Liberating Objects In Goynar Baksho: The Box, The Rose, The Cigarette, Film Companion
bool(false)
bool(false)

Aparna Sen’s characters are known for their resistance to norms and convention, to patriarchal morality. Goynar Baksho (2013) is one such film, where she tells the story of three generations of women — Rashmoni (Pishima), Somlata and Chaitali — within a male dominated society. She employs elements of magic realism and comedy to manoeuvre around their acts of resistance and negotiations. The three women characters of the film are a product of the 1990s conception of the “modern Indian woman” even though the film’s timeline culminates in the 70s. The women are assertive in different ways, they challenge the castigation of sexual liberation within patriarchy, and they progress alongside economic freedom, which then goes on to necessitate political freedom. Three objects, in particular, work as departure points to mark this resistance/negotiation, and emphasise the volatile nature of norms and customs of our society.

Pre-independent India: The Box, The Widow

Uncertainty about the prohibition of widow remarriage in India has its roots in the colonial times. Although unlike the missionary activist movements against self-immolation, this reform was chiefly initiated by Indians, especially the Bengali reformist groups. The year 1856 saw a repealing of the prohibition against widow remarriages; however, even after the law was enacted, violence and social ostracism against widows and their second husbands was customary. The orthodox customs conveniently stored the virtuousness of the sacred texts within the woman’s body, deterring every possible form of autonomy encouraged by legal reforms.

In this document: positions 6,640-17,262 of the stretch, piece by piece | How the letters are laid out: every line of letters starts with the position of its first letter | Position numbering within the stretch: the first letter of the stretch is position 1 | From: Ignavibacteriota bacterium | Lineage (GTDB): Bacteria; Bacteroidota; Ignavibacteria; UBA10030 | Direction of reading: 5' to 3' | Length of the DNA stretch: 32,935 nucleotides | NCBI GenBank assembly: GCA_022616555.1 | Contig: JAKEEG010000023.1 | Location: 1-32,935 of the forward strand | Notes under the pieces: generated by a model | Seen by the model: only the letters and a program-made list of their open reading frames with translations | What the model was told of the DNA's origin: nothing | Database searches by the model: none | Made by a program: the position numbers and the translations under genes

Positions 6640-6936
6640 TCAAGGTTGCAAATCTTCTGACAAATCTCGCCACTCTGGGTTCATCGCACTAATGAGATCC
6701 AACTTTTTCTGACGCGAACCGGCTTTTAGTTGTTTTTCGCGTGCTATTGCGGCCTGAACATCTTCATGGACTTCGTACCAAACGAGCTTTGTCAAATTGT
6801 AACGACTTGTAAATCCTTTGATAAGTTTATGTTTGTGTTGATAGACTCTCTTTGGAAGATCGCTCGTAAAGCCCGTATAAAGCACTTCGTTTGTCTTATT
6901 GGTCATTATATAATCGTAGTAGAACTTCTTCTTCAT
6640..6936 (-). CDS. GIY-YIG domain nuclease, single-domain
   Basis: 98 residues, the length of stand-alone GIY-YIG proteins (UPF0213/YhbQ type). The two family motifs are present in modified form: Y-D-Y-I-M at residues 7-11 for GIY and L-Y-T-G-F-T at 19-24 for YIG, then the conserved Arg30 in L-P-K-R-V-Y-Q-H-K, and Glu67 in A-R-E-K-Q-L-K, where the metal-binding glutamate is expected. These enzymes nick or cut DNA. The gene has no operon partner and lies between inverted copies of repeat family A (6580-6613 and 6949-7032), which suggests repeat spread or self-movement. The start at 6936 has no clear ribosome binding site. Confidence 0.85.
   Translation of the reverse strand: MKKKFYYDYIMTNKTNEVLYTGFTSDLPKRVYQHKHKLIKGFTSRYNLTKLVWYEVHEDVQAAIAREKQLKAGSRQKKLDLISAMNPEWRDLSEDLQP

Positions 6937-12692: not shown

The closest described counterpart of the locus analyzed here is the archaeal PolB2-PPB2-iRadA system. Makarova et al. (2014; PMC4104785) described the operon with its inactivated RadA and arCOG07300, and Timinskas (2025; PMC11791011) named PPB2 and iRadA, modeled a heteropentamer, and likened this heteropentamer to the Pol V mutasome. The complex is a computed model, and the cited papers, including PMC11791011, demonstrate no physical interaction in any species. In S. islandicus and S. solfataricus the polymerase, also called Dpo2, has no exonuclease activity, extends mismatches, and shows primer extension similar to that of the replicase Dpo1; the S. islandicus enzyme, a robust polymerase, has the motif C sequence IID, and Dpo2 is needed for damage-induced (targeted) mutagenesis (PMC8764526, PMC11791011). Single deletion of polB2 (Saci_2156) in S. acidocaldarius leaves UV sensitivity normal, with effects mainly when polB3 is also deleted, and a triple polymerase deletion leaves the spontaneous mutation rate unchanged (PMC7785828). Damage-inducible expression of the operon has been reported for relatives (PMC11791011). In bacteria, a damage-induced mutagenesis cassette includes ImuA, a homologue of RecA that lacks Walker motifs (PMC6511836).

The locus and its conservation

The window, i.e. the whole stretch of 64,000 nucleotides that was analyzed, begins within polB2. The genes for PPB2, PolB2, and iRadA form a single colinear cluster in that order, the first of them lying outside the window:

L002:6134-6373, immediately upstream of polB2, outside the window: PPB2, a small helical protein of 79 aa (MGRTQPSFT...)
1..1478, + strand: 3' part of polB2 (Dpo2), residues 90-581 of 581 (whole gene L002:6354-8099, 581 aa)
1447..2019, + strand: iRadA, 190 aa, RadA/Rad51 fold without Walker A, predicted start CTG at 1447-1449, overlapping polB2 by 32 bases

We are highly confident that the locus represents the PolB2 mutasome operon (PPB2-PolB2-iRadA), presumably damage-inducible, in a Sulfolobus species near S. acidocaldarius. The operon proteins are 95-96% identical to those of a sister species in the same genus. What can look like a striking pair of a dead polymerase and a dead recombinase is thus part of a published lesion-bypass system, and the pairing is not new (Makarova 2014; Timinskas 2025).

In the face of opposition from most Hindu opinion-makers (the likes of Arya Samaj) and the fear of losing authority in the wake of the revolt of 1857, the colonial government abrogated the widow remarriage law in the early 1860s. Nevertheless, it was reinstated in 1872 within the new marriage regulations, permitting inter-caste, consensual and adult monogamous marriages among partners, inclusive of widows. Yet, as usual, legal inclusivity did not necessitate social inclusivity. This cultural and political history can be mapped through the character of Pishima and the incidents marking her life, which begin more or less from the late nineteenth century. Her witty rebuttals from the beginning of the film bring to light the dietary and other restrictions imposed on widows. In retaliation, when she becomes a ghost, she prompts and confuses Somlata into putting salt in the mutton dish thrice while declaring that she will not be eating the dish as she has retained her “Bidhabā” (widow) status even as a ghost.